a wallet with credit cards in it
Let's cut to the chase. Some links on this site pay us referral fees for sending business and sales. We value your time and money and won't waste it. For our complete advertising policy, click here. The content on this page is not provided by any companies mentioned, and has not been reviewed, approved or otherwise endorsed by these entities. Opinions expressed here are the author's alone.

As I approached the taxi stand at (Uber less) Frankfurt International Airport, I quickly enquired “do you take credit card?”. After barely audible grumbles, the staunch taxi driver replied “you have no cash? Yes, yes, we take credit card”, followed by a perfectly audible sigh. I get it- drivers prefer cold hard cash, but it’s the 21st century surely…

“How long are you in town?”

I could’ve taken the very efficient “S Bahn” train from the airport into the city, but I had a specific destination in mind and after just coming off a long haul flight I wished to unwind on the journey in. 20 minutes later we had reached our destination- a hip coffee shop for a quick recovery beverage.

“That’ll be 30 Euros”

As I passed my driver my Chase Sapphire Preferred credit card, I began wondering if I was hallucinating from the jet lag. The driver pulled out a credit card machine, which I believe I last saw appear in the film “Pretty Woman”. Yes, we’re talking about an entirely non electronic, zero connectivity credit card machine which simply takes an imprint of the credit card. With rampant fraud- ripe for abuse, I thought these had gone the way of Windows 95.

“Your card doesn’t work”

Uh, yes, it does. Here’s the kicker- the design of the utterly sharp looking Chase Sapphire Preferred card does not have the traditional 16 numbers raised against the front. It instead is a sleek-name only front, with numbers in an unusual place on the reverse side. The driver then attempted to persuade me to see if the coffee shop would be happy for me to charge an extra €30 and give him cash. That sounded ridiculous, so I protested that surely- we could call the taxi center and they could process the payment electronically.


Yes, travelers should whenever possible carry at least some cash – in case a situation arises, where you enter the twilight zone, and technology has reverted to the 1980’s. But I didn’t have any, I was only going to be in Germany for the day and forgot my debit card- figuring 3 credit cards would be able to cover any needs. Beginning to think this was going to become a painful situation- it all changed when the driver continued just a minute down the road to the taxi stand. A partner taxi had a modern machine, processing the payment promptly. All resolved.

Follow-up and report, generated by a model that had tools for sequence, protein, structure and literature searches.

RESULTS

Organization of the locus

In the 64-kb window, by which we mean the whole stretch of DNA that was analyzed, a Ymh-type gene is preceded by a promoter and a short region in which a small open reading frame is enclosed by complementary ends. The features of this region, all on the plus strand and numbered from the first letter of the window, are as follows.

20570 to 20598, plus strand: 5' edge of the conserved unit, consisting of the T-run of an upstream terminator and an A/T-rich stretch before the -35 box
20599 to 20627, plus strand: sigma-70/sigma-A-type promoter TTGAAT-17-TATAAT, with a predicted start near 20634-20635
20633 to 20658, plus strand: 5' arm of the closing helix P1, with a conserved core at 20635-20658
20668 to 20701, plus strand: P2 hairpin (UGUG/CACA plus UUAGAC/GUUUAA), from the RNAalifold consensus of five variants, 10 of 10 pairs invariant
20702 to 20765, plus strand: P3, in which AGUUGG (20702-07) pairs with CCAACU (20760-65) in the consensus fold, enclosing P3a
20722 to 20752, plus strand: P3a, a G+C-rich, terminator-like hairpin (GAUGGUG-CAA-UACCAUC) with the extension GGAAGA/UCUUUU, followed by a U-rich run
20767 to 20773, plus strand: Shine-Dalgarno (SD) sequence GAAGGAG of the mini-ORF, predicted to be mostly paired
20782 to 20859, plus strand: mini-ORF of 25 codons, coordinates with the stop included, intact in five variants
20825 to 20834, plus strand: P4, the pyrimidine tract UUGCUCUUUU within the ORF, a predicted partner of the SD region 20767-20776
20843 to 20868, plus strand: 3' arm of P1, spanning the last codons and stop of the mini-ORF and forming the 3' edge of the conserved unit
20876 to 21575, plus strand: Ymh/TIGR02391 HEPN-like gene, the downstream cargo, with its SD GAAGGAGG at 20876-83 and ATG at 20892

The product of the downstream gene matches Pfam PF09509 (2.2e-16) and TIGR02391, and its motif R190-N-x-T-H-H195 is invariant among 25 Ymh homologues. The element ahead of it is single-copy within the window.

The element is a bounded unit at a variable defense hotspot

“You Take Credit Cards?”

Shockingly, on the way back, the driver attempted the same “you sure you don’t have cash” grumbling, showing that his machine did not work, before reaching into his glove compartment to reveal a brand new digital machine, like those found in European restaurants, when I said there were no other options. Was it all a game?! Of course, I accept some blame for not having cash- but as a frequent international traveler I’ve always been confident that if credit card is accepted (something I ask before going anywhere) that I can take part without issue. This was certainly amusing, thanks to the lucky result.

Gilbert Ott

Gilbert Ott is an ever curious traveler and one of the world's leading travel experts. His adventures take him all over the globe, often spanning over 200,000 miles a year and his travel exploits are regularly...

Join the Conversation


  1. You are lucky. The old machine (non electronic) are prone to fraud. Either the driver failed to do that or he’s also charge 3% by the bank, that’s why he is unhappy. Maybe next time you can pull cash from atm using credit card?

    1. It’s funny, the guy said the last time he had the problem was with a Centurion card! Wish I’d remembered this article when I landed.

  2. You can run into these issues in NYC a well. All the cars have perfectly working credit card machines but the drivers don’t like you to use them. Especially on airport trips. I’ve also had them say the cost is higher than the stated cost because I’m using a credit card. I am so glad UBER and Lyft were introduced!

    I haven’t seen anyone pull out one of those imprint machines though!

  3. This is one benefit of Uber and Lyft. All the money changes hands in the app. No grief from the driver because I want to use a card, no problems because the card does or doesn’t have a chip or a PIN, or is made of metal, or won’t scan on their network, and no bother about a proper receipt.

    1. completely agree. Hate that Uber pulled out of many German cities, though I know there are alternatives like Zuber haha.

  4. You have to be careful when you engage a prepaid taxi in Indian Airport. For example this happened to me few months ago in Hyderabad airport. The agent at the prepaid taxi counter said they will accept credit card as a form of payment, when I tried to pay using the credit card, the agent said do not pay now pay to the taxi cab driver when he close out the meter.

    When I arrived at the destination the taxi cab guy said he would not accept the credit card as a form of payment he will accept only cash. He told me I have been misinformed by the person at the airport counter. There is a heavy competition at the Indian airport for prepaid taxi cabs so they will say any thing to attract your business.

  5. I’m convinced. I’ll always carry a little bit of cash with me from the get go. Cash is king no matter what.

Leave a comment

Your email address will not be published. Required fields are marked *